Unless otherwise stated all pictures on Berlioz Photos pages have been scanned from engravings, paintings, postcards and other publications in our own collection. All rights of reproduction reserved.
Heinrich Heine (1797-1856)
The German poet Heinrich Heine was a friend of Berlioz and memorably called him “a colossal nightingale, a lark the size of an eagle, such as is said to have existed in the primeval world. … There is for me in Berlioz’s music something primitive, if not antediluvian; it sets me thinking of gigantic species of extinct animals, of mammoths, of fabled empires with legendary sins, of many impossibilities piled on top of each other; these magic strains remind us of Babylon, of the hanging gardens of Semiramis, of the wonders of Nineveh, of the daring monuments of Mizraïm, such as we see on the paintings of the Englishman Martin.” (See Berlioz’s Memoirs, Postscript, and Berlioz on his musical style.)
In his Mémoires Berlioz addresses to Heine his 6th Letter from his first visit to Germany (1842-1843; in connection with his visits to Brunswick and Hamburg).
Many years later on one of his visits to Heine, Berlioz writes: ‘Poor Heine! Nailed on his bed for six years by an incurable paralysis, almost blind, he preserves nevertheless his terrible sense of humour. He will not yet consent to die, he says; dear God has to wait. He would like to see first how all this is going to end. He jokes about his enemies, his friends, and even himself. The day before yesterday, when he heard me being introduced, he exclaimed from his bed, in that weak voice of his that seems to emerge from a tomb: «Well, my dear! what, you here! come in. So you have not abandoned me?… You always have to be original!»’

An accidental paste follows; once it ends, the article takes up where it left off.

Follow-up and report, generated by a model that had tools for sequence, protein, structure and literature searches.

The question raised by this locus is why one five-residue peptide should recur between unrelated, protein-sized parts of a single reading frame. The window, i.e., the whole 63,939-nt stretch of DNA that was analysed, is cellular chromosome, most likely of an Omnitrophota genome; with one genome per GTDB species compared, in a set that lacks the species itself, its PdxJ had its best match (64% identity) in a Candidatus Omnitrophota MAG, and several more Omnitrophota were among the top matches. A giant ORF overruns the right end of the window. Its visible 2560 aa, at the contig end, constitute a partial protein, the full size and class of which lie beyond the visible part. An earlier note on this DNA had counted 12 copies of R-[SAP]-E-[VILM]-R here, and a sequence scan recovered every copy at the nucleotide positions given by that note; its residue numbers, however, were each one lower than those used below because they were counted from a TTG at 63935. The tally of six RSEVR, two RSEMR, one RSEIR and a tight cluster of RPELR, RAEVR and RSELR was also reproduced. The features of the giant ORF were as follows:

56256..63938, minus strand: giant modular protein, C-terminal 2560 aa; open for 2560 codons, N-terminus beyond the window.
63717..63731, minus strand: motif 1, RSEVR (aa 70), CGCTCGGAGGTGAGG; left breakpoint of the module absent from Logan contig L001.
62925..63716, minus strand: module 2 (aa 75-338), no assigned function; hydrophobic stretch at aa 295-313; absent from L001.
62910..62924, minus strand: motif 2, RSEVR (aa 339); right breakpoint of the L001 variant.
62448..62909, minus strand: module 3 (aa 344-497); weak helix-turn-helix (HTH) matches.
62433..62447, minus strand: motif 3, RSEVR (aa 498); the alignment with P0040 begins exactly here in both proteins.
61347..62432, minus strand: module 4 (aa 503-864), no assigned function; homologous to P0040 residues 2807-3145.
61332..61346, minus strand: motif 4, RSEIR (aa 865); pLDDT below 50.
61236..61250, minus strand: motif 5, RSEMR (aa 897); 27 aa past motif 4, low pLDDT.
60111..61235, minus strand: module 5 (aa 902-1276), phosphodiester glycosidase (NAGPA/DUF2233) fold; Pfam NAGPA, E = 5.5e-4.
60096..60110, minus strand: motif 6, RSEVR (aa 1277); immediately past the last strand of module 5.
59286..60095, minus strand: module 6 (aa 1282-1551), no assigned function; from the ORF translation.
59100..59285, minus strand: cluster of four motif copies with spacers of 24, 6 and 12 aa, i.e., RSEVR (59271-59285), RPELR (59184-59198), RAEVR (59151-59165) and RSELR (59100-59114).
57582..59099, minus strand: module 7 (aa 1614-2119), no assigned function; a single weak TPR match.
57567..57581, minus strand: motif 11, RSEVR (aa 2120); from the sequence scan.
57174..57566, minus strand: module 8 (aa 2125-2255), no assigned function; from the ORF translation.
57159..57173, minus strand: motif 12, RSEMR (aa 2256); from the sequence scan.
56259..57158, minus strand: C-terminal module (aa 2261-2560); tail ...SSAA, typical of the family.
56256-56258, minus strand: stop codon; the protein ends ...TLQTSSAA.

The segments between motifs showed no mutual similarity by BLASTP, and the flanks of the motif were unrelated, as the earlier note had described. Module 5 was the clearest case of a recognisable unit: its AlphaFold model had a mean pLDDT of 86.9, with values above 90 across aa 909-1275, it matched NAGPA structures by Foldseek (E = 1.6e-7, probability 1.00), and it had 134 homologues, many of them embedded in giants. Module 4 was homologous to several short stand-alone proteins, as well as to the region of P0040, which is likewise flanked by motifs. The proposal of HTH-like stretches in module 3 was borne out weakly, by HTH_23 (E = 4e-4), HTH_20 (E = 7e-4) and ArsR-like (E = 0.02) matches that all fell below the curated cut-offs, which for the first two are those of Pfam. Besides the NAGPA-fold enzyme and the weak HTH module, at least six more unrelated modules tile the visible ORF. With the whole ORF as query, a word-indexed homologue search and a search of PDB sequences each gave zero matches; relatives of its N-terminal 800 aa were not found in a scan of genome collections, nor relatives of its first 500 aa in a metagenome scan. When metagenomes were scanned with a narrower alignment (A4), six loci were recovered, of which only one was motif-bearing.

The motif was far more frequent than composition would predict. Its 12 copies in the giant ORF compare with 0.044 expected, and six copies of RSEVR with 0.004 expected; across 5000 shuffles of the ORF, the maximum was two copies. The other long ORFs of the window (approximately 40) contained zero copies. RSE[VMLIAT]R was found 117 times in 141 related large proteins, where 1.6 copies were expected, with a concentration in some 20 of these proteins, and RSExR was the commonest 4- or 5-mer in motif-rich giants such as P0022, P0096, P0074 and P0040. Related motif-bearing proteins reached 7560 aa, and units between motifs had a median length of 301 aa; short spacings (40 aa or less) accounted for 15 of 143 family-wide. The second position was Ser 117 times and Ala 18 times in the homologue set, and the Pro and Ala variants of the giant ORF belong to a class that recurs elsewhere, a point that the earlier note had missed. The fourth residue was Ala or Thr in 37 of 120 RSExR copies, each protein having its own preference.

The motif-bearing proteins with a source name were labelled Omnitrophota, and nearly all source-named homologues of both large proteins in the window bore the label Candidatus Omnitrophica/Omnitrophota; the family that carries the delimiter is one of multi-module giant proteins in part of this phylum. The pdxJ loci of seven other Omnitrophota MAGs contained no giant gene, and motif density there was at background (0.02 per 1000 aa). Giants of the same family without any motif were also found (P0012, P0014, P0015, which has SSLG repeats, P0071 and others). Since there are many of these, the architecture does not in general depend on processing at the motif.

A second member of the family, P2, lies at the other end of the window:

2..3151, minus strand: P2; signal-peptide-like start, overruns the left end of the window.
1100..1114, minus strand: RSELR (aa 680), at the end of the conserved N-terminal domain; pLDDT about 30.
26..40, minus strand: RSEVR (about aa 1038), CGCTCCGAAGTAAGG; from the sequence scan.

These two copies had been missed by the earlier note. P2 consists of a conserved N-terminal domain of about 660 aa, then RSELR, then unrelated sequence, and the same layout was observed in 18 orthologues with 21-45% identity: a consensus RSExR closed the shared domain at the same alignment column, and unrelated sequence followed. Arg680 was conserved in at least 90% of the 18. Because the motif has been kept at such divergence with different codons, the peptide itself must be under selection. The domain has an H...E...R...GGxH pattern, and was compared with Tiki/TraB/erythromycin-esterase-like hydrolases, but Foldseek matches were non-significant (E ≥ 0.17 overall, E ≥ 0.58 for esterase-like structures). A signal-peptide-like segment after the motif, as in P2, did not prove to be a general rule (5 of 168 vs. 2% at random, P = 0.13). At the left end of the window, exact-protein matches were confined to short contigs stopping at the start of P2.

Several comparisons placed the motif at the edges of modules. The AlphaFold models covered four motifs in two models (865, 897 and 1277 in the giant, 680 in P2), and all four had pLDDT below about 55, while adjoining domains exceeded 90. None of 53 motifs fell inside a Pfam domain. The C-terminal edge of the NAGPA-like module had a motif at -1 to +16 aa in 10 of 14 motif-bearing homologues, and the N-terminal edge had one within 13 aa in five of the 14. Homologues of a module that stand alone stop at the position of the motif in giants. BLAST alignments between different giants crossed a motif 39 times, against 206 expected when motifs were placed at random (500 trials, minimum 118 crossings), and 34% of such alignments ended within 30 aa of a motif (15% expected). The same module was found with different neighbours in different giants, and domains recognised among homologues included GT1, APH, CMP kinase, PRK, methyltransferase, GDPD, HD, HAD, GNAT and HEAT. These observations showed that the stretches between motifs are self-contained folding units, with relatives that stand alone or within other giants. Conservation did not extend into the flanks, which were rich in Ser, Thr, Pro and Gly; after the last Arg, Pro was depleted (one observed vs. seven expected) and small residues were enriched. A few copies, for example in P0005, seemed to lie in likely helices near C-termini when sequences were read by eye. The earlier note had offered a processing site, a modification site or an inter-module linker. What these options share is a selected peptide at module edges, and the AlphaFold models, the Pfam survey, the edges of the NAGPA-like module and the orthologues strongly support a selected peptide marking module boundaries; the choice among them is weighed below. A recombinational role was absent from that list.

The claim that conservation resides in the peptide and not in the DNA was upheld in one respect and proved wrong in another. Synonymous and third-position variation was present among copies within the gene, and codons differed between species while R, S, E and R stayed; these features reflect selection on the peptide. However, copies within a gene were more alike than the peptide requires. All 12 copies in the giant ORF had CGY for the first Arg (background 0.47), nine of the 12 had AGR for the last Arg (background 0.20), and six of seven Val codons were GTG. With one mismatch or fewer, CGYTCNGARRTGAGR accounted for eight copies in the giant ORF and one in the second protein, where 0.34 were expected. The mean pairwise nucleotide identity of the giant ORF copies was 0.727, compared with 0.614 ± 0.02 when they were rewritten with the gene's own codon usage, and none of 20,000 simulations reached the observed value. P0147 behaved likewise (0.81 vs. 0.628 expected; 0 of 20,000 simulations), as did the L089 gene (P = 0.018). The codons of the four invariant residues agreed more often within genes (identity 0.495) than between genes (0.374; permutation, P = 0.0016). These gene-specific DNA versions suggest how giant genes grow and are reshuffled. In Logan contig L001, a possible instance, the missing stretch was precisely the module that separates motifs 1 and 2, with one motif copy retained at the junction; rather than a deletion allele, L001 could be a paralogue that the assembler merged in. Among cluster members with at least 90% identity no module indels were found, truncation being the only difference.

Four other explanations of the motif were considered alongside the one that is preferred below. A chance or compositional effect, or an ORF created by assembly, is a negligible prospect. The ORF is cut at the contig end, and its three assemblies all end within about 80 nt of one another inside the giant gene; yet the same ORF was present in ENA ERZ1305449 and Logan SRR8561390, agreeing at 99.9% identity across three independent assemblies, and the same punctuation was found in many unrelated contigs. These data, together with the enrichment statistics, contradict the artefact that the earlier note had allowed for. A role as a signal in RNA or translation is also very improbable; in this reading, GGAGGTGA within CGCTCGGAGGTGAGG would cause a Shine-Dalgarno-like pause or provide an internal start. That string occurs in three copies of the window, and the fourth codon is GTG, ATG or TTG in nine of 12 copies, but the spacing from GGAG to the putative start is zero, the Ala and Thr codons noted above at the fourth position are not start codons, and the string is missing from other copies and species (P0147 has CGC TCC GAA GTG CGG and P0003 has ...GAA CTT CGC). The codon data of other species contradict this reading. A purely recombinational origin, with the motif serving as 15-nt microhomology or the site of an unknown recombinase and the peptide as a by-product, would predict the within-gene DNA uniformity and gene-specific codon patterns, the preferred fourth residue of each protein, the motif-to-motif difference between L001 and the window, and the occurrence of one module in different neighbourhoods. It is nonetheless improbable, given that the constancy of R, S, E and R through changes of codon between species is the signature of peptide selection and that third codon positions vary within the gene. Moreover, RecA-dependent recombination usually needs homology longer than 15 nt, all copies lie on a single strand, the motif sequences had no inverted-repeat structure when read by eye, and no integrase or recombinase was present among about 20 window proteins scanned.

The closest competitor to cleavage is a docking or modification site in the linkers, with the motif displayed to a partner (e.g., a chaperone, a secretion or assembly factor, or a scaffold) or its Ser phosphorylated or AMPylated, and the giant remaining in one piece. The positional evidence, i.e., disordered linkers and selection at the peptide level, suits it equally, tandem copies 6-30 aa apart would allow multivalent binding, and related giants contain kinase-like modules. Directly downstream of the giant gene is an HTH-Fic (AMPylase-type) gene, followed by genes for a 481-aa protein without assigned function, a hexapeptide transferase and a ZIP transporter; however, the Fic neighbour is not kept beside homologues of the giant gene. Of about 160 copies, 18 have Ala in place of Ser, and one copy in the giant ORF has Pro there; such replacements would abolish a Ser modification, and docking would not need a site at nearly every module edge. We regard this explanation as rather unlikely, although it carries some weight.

Portrait of Heine by Charles Gleyre in 1851
This original pencil drawing is reproduced here courtesy of the Bibliothèque nationale de France.
Heine was born in Düsseldorf and died in Paris. He is buried at Montmartre
Cemetery, where Berlioz is also buried.
Heine’s tomb at Montmartre Cemetery
This picture is reproduced here courtesy of the Bibliothèque nationale de France.
Émile Deschamps (1791-1871)
A friend and collaborator, the French poet Émile Deschamps
turned Berlioz’s prose into verse for his Dramatic Symphony Roméo
et Juliette. In this connection Berlioz writes: “After a
fairly long period of indecision, I settled on the idea of a choral
symphony, with vocal solos and choral recitatives, for which Shakespeare’s
Romeo and Juliet would provide the sublime but perennially fresh
subject. I wrote a prose draft of all the text that was intended for the
vocal interludes between the instrumental pieces. Émile Deschamps,
obliging as ever, turned this text into verse with the exceptional fluency
that is his, and I started work. ” (Memoirs, Chapter
49; see also Romeo and
Juliet.). Strophes 2 and 3 of Berlioz’s Le
Trébuchet are also by Deschamps.
A copy of this picture is in the Bibliothèque nationale de France.
Baron Hans Guido von Bülow (1830-1894)
The German conductor, virtuoso pianist, and composer was in his youth a protégé of Liszt whom Berlioz met in Weimar in 1852. He married Liszt’s daughter Cosima, who later left him to marry Wagner in 1870.
Bülow became one of the most active supporters of Berlioz in Germany and continued to champion his music after the composer’s death. See further the page devoted to Hans von Bülow on this site.
Wolfgang Robert Griepenkerl (1810-1868)
A German critic and writer on music, Griepenkerl had a
cordial friendship with Berlioz and encouraged his musical career in Germany.
The two men first on 9 March 1843 in Brunswick
where Berlioz had just given a concert. In 1843 he published a pamphlet
entitled Ritter Berlioz in Braunschweig (Sir Berlioz in Brunswick),
in which he vehemently responded to negative critiques of Berlioz’s music.
The above portrait has been scanned from our own copy of Ritter Berlioz in Braunschweig.
© (unless otherwise stated) Monir Tayeb and
Michel Austin for all the texts and images on Berlioz Photo Album pages.
All rights of reproduction reserved.
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